I can only imagine how hard it is to get this event off the ground. Acts need to be booked to fill as many as eight stages, in genres ranging from the traditional folk that is at the root of the festival, to rock, dance and folk music from cultures around the world, story tellers, and other performers.  There are lots of jugglers. The site needs to be set up, vendors engaged, employees and volunteers trained, and the various activist booths and environmental education booths that are a hallmark of the festival have to be set up and staffed. The organizers need to make sure that the attendees can get to and from the site, there’s a campsite that has to be organized, the performers need to be taken care of, and the sound systems have to deal with the vagaries of outside shows, including heat, rain and dust. There’s a huge group of “access” volunteers to make sure that people with mobility issues are able to enjoy the weekend, and, I think, an even larger group of “Peacekeepers” to make sure that the thousands of people all get along. Then, there is breakdown and clean up.  And I’m sure I’m leaving something important out.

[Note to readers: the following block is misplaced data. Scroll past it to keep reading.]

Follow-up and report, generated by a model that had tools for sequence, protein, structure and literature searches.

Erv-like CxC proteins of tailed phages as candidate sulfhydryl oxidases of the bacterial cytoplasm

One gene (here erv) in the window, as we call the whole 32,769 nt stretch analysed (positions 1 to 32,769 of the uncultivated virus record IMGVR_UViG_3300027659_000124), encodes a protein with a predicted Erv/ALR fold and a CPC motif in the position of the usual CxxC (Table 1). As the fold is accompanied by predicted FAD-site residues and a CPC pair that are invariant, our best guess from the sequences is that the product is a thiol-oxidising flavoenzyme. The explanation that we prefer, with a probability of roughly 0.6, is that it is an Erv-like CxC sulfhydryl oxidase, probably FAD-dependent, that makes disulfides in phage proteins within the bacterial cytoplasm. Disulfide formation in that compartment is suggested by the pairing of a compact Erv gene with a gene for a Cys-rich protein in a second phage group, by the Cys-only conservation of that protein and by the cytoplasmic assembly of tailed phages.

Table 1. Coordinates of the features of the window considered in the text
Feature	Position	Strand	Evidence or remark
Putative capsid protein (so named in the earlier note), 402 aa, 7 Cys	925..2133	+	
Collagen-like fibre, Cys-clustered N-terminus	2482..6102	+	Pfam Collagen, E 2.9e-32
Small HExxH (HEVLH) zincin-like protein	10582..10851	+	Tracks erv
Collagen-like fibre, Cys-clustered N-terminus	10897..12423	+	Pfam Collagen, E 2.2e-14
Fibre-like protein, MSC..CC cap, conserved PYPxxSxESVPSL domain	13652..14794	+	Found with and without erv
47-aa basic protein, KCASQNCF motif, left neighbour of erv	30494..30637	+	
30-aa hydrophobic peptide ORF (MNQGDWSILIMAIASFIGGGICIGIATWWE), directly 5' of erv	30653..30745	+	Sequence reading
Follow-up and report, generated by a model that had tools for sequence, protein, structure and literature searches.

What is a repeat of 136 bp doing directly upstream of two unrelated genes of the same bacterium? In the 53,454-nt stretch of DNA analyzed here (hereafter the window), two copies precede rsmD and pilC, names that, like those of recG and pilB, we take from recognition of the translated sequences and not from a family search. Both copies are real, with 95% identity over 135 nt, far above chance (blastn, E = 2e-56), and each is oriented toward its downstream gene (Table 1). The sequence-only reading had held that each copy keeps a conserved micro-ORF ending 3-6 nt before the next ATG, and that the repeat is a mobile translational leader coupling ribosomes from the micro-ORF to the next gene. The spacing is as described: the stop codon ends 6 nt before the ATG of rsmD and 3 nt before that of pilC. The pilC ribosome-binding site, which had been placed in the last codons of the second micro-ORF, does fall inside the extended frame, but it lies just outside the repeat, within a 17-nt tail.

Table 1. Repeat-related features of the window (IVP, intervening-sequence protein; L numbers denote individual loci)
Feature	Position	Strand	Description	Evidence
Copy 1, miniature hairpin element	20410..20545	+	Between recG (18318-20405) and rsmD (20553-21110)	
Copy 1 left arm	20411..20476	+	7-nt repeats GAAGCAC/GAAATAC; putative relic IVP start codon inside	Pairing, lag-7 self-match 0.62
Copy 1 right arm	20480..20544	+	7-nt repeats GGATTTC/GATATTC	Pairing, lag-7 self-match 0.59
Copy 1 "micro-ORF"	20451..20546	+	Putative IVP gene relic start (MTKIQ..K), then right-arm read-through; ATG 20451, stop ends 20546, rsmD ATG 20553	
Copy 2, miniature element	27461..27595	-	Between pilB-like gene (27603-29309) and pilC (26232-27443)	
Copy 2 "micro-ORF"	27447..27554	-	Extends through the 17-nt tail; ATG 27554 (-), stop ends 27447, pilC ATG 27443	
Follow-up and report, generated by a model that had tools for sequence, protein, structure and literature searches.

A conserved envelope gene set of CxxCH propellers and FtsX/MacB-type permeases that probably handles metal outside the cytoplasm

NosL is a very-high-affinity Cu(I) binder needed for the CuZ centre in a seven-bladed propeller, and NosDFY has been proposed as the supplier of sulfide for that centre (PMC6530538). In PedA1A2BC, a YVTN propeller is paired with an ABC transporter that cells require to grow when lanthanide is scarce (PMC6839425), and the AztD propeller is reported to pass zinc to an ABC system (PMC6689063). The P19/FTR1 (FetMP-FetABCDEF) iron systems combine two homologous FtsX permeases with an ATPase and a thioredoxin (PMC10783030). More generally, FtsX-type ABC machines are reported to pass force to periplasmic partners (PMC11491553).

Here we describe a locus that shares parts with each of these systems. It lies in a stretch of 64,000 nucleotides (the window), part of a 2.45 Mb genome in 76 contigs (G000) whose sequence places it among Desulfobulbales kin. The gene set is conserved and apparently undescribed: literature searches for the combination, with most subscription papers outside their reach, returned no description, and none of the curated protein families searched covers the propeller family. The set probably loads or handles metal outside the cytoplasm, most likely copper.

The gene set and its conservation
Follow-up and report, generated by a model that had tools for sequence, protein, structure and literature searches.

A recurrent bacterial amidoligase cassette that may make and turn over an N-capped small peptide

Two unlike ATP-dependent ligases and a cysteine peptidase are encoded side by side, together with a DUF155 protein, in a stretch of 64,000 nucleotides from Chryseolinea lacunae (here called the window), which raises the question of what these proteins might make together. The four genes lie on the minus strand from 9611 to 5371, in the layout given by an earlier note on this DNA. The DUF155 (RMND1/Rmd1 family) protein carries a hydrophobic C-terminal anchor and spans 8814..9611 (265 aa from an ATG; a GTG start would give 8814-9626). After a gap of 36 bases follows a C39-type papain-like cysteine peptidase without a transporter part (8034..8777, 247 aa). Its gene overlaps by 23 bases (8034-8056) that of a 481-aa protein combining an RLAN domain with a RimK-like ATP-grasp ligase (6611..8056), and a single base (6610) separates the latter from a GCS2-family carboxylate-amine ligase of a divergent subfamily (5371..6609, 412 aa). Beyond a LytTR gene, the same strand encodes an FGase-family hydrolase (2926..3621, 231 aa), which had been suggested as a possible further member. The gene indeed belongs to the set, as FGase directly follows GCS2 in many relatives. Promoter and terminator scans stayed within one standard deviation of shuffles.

But, as I noted, it is also sort of hard to attend this, or I suspect, any outdoor festival (my experience in the torrential rain at the Newport Folk Festival is discussed here). First, you have to get there. Our first year, we drove the 10 miles from our house to the site, only to sit in horrible traffic. We started taking the train after that. You need to bring in chairs, a cooler with food and beer, blankets and other items. Then you have to load all of this onto a school bus not designed for large adults, unload it at the end, then schlep everything to the stages.